Lyndsey Hannigan, vice president of people for Clio, a legal practice management and client intake software provider, says her firm is focused on helping team members achieve their personal goals. “We support our staff through in-house coaching, leadership development workshops, personal development planning and generous support for learning and education,” she explains.
Many qualified IT experts also want to know that their efforts will help lead to a better and more socially conscious world. Hannigan says that Clio is dedicated to helping transform the practice of law into a force for positive change. “We’re working to actively remove the types of barriers that may hinder underrepresented groups by cultivating diverse and inclusive teams, creating space for difficult conversations and ensuring opportunities for development,” she observes. “We’ve built a reputation as a top company to consider when it comes to building a successful career.”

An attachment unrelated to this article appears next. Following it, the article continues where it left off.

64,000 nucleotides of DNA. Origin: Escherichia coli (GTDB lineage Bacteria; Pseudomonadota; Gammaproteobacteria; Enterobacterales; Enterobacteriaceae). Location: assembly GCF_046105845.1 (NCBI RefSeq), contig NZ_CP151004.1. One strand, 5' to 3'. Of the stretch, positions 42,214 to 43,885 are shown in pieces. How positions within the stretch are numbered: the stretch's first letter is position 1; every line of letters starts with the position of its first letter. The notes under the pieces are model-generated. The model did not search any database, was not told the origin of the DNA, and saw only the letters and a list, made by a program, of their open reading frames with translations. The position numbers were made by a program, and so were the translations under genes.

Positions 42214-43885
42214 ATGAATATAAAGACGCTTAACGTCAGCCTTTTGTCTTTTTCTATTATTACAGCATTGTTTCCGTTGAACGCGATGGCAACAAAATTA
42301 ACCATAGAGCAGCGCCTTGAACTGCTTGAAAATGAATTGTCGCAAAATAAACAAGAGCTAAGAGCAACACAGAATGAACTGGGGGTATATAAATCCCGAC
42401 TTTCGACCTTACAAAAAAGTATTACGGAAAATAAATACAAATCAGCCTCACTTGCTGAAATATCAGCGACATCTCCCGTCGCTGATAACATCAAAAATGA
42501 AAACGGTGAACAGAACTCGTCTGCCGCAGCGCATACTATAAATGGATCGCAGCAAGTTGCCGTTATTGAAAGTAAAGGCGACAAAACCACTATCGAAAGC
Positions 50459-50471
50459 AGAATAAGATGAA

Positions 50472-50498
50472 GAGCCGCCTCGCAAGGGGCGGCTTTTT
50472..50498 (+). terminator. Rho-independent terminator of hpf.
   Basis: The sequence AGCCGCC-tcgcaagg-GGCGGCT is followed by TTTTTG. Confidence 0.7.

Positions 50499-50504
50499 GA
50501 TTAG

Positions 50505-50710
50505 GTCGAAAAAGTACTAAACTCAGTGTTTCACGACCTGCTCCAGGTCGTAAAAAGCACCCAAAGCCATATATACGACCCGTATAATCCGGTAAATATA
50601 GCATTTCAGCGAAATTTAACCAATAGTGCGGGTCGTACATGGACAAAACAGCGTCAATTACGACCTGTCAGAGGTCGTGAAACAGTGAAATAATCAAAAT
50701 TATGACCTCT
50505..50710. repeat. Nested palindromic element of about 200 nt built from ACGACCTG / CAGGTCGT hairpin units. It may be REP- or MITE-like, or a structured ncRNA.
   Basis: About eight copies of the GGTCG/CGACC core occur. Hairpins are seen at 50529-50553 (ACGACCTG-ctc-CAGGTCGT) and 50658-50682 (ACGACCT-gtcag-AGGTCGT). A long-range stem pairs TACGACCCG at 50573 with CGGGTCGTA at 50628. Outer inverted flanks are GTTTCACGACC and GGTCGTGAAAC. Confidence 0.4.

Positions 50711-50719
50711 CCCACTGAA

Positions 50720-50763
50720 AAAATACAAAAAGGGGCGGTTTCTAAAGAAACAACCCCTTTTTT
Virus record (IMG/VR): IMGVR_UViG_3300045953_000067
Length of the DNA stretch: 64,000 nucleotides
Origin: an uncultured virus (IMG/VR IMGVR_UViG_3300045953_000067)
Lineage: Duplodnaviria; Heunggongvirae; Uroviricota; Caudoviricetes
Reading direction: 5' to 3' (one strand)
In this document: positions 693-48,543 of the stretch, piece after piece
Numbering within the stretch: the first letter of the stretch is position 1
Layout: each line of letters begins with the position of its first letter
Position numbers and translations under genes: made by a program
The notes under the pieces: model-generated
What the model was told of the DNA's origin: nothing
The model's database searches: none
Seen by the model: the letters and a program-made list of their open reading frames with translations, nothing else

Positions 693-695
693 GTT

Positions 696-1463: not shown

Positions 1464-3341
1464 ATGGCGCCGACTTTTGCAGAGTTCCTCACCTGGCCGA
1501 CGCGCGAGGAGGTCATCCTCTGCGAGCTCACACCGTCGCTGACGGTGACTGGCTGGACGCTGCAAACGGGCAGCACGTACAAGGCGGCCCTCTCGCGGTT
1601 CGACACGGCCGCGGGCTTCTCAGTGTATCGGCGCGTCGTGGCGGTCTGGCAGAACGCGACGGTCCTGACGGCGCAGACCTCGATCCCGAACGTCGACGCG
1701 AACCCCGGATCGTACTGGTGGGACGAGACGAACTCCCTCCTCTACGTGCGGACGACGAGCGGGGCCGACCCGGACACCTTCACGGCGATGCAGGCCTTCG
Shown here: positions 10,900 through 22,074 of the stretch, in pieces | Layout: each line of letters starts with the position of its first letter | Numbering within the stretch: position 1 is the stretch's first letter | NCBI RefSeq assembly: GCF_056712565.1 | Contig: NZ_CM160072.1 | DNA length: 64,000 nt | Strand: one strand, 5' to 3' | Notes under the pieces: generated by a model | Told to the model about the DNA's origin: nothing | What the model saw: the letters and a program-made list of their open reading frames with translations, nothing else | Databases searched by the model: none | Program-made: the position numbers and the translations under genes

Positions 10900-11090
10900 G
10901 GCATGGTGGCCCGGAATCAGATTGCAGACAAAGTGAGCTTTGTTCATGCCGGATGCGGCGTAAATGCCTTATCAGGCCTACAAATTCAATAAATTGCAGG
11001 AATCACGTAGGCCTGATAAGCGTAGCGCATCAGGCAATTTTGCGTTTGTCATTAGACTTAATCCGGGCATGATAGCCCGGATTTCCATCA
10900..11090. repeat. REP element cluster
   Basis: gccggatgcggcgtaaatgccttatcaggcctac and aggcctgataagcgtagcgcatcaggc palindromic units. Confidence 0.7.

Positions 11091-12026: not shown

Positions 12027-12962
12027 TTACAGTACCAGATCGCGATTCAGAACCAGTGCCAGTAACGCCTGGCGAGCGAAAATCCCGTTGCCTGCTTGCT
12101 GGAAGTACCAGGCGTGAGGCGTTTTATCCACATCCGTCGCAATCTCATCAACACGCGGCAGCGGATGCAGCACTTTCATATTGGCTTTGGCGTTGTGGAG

7. Be persistent
Always be recruiting. The most successful IT leaders never stop searching for great talent, O’Connell says. “Be open to grabbing coffee with a likely candidate or calling them to stay in touch, even if it’s months before the role opens,” she notes. “The right person might be willing to wait.”
Some organizations go to extreme lengths to find qualified experts. Alex Kovalenko, an account manager and senior recruiter at IT technology recruiting agency Kovasys, recalls a time when his organization took a mobile approach to attracting top IT experts. The recruiters parked a car next to a coffee shop that was known to attract a large number of developers working at nearby organizations. The brightly colored vehicle was painted with a direct and eye-catching message: “Looking for a new IT challenge? Email us with your CV!”
Kovalenko notes that all is fair in love and IT recruitment. “We had companies send us cease and desist letters stating that we are not allowed to poach their employees,” he remembers. “We just politely replied that poaching is legal, and if they want to keep their employees they just need to make sure their employees are happy.”